Cumming: Support LGBT with laws

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Alan Cumming stars as the political maverick Eli Gold on the hit CBS series “The Good Wife,” for which he has received two Emmy nominations. 

Trained at the Royal Scottish Academy of Music and Drama, Cumming has won numerous awards for his live theater roles, including a Tony for his performance in “Cabaret” on Broadway.

Cumming made his feature film debut in Ian Sellar’s “Prague,” which premiered at Cannes in 1992. He was introduced to American audiences in “Circle of Friends,” followed shortly by “Goldeneye” and “Emma.” He went on to shoot “Romy and Michele’s High School Reunion,” “X2: X Men United,” the “Spy Kids” trilogy, “Son of the Mask,” “Burlesque” and several independent films including “Urbania, Titus” and “Sweet Land” (which he also produced). 

Cumming is a true Renaissance man, with a musical career that has spanned the globe, including performances at the Sydney Opera House and a critically acclaimed duet recording with Liza Minnelli; he is also the author of the New York Times best-selling novel Sunday Times, creator of an award-winning signature fragrance and host of PBS’s “Masterpiece Mystery.”

Cumming’s activism and passion for causes such as LGBT rights, sex education and genital integrity have earned him many humanitarian awards from the LGBT Task Force, the Human Rights Campaign, the Trevor Project, Lambda Legal, the Point Foundation and GLAAD’s Vito Russo Media Award. He lives in New York City with his husband, Grant Shaffer, and their dogs, Honey and Leon.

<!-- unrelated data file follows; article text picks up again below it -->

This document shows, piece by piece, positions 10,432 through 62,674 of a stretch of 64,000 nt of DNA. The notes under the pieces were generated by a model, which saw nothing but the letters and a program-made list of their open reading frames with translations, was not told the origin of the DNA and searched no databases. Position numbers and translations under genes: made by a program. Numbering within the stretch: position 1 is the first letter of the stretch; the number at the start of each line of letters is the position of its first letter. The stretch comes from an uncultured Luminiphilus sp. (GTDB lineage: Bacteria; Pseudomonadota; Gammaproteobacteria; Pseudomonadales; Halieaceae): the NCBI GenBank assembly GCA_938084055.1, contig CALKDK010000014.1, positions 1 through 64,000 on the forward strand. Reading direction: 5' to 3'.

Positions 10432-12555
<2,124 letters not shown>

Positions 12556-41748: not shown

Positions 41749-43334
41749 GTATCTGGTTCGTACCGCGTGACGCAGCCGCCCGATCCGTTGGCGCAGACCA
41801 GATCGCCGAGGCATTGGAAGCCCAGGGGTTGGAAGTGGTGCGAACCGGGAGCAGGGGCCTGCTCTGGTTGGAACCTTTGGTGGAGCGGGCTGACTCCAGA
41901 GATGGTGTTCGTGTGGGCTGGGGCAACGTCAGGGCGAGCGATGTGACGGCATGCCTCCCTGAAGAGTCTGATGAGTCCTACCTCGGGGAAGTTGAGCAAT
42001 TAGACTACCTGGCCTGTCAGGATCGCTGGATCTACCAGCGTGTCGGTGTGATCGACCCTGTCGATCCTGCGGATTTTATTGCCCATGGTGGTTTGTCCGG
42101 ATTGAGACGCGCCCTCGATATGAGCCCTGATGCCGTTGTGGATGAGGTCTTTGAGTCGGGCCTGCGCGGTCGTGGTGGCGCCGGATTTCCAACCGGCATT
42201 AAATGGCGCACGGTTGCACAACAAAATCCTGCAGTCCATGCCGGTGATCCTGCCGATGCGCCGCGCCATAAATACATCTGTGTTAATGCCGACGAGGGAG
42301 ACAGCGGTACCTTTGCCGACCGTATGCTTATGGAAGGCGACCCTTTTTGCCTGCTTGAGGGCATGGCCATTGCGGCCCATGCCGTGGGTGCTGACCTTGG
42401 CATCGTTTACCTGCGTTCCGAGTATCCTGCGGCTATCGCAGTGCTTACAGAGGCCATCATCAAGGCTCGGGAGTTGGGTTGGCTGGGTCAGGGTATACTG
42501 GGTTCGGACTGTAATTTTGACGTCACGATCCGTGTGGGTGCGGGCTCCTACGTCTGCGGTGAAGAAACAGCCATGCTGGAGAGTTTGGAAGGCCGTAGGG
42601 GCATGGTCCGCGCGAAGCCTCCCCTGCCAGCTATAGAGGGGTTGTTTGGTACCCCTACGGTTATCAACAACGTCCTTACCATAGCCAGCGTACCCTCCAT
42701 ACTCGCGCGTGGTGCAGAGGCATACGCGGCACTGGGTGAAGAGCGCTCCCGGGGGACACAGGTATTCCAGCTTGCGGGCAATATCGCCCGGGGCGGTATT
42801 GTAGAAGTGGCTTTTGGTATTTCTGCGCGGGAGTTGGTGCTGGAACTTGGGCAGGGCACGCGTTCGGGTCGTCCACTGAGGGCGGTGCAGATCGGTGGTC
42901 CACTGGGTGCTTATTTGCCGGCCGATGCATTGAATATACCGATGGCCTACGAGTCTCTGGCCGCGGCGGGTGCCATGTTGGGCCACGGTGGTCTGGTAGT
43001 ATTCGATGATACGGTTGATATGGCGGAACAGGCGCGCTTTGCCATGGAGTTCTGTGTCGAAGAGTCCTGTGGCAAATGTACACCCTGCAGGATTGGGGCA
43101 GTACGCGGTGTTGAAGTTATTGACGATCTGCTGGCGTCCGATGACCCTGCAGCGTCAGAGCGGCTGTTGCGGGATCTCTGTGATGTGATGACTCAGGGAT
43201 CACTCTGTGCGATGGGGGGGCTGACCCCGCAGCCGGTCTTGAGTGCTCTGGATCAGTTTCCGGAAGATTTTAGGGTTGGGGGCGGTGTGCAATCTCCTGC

Cumming stars in the upcoming film “Any Day Now,” in which he portrays a gay man fighting to keep custody of an abandoned, mentally handicapped teenager. “Any Day Now” open in select theaters this Friday, Dec. 14. 


ROBIN BRONK: If you had five minutes in the Oval Office with President Obama, what would you discuss with him? What issue would you like him to know about?

ALAN CUMMING: I would like to talk to him about his thoughts on how quickly he can implement the support he has shown for LGBT equality into legislation. But actually, if I had five minutes with him, I think I would rather shoot the breeze, ’cause I think he’s great.


RB: If you could ask the president to make one issue a priority for the first 90 days of his second term, what would it be?

AC: See above. Hopefully, he is going to be pretty busy stopping those Republicans from pushing him off the fiscal cliff. 


RB: What piece of advice would you give President Obama as he settles into his second term in office?

AC: KICK ASS, BARACK! You did your bit with the reaching-across-the-aisle thing, and the door was shut in your face — all of our faces, actually. No more Mr. Nice Guy. 


RB: If you were going to send the president to one of your favorite places in the United States for one day, where would that be? Why?

AC: It would be to my apartment. So we can have dinner and a good ol’ chat. 


RB: What CD/piece of music would you recommend that the president add to his collection? Why?

AC: I would recommend he make his own CD … maybe an album of soul covers? 


RB: Would you ever consider a political career?

AC: I have a political career. I’m a human being and a voter, and I am engaged in politics every day of my life. We all are. I don’t think you can live without being political. 


Robin Bronk is CEO of The Creative Coalition — the leading national, nonprofit, nonpartisan public advocacy organization of the entertainment industry. Bronk is a frequent speaker on the role of the entertainment industry in public advocacy campaigns and represents The Creative Coalition and its legislative agenda before members of Congress and the White House. She produced the feature film “Poliwood,” airing on Showtime, and edited the recently published book Art & Soul. Bronk pens this weekly column with assistance from Risa Kotek.